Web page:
Bailout BattleSeptember 23, 2008 - by Donny Shaw
The focus in Congress right now is on passing some version of a massive, taxpayer-funded bailout of the financial sector as quickly as possible. In the past few days, several draft versions of different bailout plans have been passed around Capitol Hill, but two in particular have taken hold as lead competing proposals from which a compromise is likely to ensue.
Luckily for us, we don’t have to wait until all the back-room dealing is over and a bill is officially introduced to see what kind of a bailout is being considered by the government. The Sunlight Foundation has posted both of the leading drafts, Treasury Secretary Henry Paulson’s bailout draft and Senate Banking Committee Chairman Chris Dodd’s bailout draft, to PublicMarkup.org for review and comment by the public.
Both draft bills already have hundreds of illuminating comments from the public. The PublicMarkup site lets people comment on specific provisions so they can really pick apart small bits of language and detail in the bills, or on the overall proposals so that people can give their general reaction to the plans. Go there and check it out. Here’s some basic background on the proposals:
The Paulson Plan
The bailout proposal from the Bush administration, submitted by Paulson, would give the Treasury Secretary broad new power to purchase up to $700 billion in mortgage-related assets at any given time from any financial institution that is based in the United States. It’s a short and simple proposal that would leave many of the decisions that will ultimately determine whether or not the bailout succeeds up to the Administration.
The draft language authorizes the Treasury “to take such actions as the Secretary deems necessary to carry out the authorities in this Act, without limitation.” And it explicitly states that “decisions by the Secretary pursuant to the authority of this Act are non-reviewable and committed to agency discretion, and may not be reviewed by any court of law or any administrative agency.”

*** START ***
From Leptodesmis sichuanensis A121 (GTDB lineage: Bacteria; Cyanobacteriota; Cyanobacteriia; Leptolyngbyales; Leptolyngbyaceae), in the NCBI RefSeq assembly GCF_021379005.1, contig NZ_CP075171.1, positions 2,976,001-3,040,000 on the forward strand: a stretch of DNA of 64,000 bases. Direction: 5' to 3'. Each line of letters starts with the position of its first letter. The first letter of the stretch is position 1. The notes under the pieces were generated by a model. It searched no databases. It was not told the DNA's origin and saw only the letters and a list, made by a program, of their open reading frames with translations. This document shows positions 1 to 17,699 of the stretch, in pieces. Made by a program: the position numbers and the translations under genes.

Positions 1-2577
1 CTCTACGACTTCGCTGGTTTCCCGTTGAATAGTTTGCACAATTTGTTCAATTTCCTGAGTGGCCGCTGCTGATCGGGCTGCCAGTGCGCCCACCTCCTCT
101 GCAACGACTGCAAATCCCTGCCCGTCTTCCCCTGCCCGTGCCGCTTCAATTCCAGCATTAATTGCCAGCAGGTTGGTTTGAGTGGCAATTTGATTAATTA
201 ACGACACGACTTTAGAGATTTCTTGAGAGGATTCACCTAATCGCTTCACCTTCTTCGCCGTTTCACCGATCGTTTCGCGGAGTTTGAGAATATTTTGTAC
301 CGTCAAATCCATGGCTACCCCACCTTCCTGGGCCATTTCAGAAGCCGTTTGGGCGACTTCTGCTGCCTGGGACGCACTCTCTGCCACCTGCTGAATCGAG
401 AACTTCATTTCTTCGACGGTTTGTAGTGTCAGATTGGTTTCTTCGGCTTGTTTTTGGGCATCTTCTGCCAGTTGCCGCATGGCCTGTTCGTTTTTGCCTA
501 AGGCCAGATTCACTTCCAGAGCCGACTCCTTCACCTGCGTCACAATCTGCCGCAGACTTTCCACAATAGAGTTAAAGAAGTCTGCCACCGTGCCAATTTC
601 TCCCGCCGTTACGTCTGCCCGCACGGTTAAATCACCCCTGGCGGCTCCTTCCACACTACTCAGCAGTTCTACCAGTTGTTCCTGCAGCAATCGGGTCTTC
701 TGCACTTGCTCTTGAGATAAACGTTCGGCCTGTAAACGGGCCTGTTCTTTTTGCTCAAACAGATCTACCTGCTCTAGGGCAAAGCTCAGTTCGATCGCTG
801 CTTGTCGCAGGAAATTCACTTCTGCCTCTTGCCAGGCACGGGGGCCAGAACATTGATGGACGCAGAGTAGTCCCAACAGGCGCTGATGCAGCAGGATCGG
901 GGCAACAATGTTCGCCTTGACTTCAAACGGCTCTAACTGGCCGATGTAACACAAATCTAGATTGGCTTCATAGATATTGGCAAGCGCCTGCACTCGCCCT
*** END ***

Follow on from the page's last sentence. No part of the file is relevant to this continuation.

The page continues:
The Dodd Plan
Congress’ alternative proposal, submitted by Senator Dodd (D-CT), sets the same $700 billion limit on troubled asset purchases by the government, but makes several significant changes to the Bush administration’s plan.
First and foremost, Dodd’s bill would restrict the Treasury from purchasing any troubled assets unless the government is guaranteed shares of the companies in case the price of the purchased assets falls. The draft text states that the Secretary must receive “contingent shares in the financial institution from which such assets are to be purchased equal in value to the purchase price of the assets to be purchased.” Under Dodd’s bill, the Treasury would be authorized to purchase troubled assets from foreign companies as well as companies in the U.S.